After another major flood in 1891, a Yarra Floods Board recommended that the river be widened and deepened along its lower reaches. The Yarra Improvement Act 1896 enabled the Board of Land and Works to undertake major realignments between Princes Bridge and Church Street. Between 1897 and 1901 the Botanic Gardens Cut straightened the Yarra by removing a series of billabongs which had banked up flood waters. The new route of the river took it beneath the newly built Morell Bridge (1899), one of Australia's first reinforced concrete bridges.
The Metropolitan Drainage and Rivers Act 1923 gave the Melbourne and Metropolitan Board of Works (MMBW) control and management of all streams in metropolitan area, including the Yarra upstream of the Melbourne Harbor Trust area. In 1928-29, the MMBW constructed the quarry cut through the Richmond Quarries as a flood control measure. It severed from the north bank an island initially known as Como Island, but renamed Herring Island in 1952. None of these activities could prevent the massive inundation of 1934, the worst of the 20th-century floods. The Board's desnagging and tree-clearing campaign, while improving boating access and helping flood control, generated considerable hostility from residents of outer suburbs bordering the Yarra who enjoyed the scenic qualities of the meandering sluggish willow-lined river. They argued that the Board's activities were causing rapid bank erosion.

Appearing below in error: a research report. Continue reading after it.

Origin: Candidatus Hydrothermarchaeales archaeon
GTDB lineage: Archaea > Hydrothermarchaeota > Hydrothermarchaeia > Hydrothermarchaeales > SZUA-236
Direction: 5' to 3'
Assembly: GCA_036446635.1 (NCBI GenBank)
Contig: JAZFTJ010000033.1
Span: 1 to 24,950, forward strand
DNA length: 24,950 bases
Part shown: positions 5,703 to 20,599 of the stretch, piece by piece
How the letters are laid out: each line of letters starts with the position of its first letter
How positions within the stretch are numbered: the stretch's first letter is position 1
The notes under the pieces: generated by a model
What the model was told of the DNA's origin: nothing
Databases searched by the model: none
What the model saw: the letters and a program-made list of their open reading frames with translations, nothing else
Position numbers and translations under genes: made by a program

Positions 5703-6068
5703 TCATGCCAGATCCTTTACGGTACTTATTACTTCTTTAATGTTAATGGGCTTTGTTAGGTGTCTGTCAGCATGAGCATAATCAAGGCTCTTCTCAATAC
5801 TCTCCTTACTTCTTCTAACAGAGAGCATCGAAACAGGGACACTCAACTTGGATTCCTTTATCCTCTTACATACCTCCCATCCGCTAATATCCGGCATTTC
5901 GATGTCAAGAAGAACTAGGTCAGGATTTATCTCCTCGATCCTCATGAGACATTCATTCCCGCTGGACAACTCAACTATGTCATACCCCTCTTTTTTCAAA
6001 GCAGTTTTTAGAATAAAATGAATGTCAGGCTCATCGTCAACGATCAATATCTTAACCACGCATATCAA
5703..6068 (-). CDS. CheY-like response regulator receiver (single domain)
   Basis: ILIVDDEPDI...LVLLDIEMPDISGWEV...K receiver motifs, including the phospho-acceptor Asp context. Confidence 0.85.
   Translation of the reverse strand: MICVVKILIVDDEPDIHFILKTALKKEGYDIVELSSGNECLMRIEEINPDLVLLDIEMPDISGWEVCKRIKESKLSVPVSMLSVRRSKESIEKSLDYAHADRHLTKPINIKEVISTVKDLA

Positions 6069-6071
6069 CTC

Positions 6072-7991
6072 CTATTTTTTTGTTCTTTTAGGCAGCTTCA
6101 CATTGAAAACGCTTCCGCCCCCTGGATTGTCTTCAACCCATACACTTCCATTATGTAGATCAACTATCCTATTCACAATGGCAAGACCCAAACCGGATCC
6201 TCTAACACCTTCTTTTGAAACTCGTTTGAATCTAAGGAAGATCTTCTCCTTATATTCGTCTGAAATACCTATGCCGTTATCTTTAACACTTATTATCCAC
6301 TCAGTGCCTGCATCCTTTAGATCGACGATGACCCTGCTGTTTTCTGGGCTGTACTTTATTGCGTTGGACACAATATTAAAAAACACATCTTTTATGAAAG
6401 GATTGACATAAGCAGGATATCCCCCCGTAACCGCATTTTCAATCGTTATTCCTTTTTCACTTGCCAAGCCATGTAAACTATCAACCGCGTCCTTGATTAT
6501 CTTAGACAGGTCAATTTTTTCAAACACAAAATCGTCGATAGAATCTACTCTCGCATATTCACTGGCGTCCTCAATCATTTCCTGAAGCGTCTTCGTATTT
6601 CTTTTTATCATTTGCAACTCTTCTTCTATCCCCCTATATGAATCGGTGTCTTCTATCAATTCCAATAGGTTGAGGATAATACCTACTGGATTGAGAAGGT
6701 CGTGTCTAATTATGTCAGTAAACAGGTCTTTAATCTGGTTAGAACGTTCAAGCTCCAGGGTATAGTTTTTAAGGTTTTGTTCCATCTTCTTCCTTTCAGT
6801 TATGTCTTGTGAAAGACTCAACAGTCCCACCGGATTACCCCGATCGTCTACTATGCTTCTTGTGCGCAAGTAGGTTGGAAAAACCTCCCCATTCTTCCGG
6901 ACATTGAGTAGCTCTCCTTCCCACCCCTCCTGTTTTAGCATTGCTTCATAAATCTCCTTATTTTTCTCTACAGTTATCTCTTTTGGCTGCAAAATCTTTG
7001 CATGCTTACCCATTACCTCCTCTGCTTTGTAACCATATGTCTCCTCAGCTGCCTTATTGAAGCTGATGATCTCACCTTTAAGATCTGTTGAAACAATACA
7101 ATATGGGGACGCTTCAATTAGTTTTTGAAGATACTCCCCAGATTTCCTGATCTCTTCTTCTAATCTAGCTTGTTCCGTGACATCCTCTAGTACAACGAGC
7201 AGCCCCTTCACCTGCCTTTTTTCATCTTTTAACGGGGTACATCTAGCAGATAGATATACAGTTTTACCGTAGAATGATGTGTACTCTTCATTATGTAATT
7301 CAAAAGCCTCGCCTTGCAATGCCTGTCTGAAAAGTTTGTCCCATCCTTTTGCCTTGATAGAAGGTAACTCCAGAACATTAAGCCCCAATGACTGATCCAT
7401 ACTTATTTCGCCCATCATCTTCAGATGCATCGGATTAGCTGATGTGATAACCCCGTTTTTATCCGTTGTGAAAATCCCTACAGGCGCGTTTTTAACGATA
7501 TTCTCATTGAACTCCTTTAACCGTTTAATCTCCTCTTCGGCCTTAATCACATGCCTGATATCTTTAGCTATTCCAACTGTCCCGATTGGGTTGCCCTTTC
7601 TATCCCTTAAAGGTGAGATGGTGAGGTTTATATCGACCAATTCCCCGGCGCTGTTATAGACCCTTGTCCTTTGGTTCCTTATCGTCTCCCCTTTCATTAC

A division had opened up between those valuing the picturesque and those wanting a safe navigable river on which to travel. The first discussions of Yarra improvements came out of a broader concern with civic improvement and public health in the last decade of the 19th century. There was a convenient marriage of beauty and utility in that practical improvements that would make the river more useful or less damaging were seen also to enhance its beauty and its recreational potential. The Metropolitan Town Planning Commission report of 1929 offered a new vision of how Melbourne might use the Yarra and its tributaries, with recreation as its focus. It recommended that a system of radial parks should be created with the creeks as their spines. These would compensate Melburnians for the parklands which had not been reserved when the suburbs had pushed outwards during the previous two decades. The depression intervened, but part of the Yarra Boulevard - which was envisaged as a recreational driveway after US exemplars - was built with sustenance money and stretches of the banks of the Yarra and the Maribyrnong were lined with bluestone blocks to prevent erosion. By the late 1930s municipal cooperation led to a series of Yarra Improvement Conferences which revived many dreams and schemes for the river, including a lock at Dights Falls, the screening of factories which backed onto the river with tree plantings, completion of the Yarra Boulevard and the creation of parks. Little was done before the war intervened.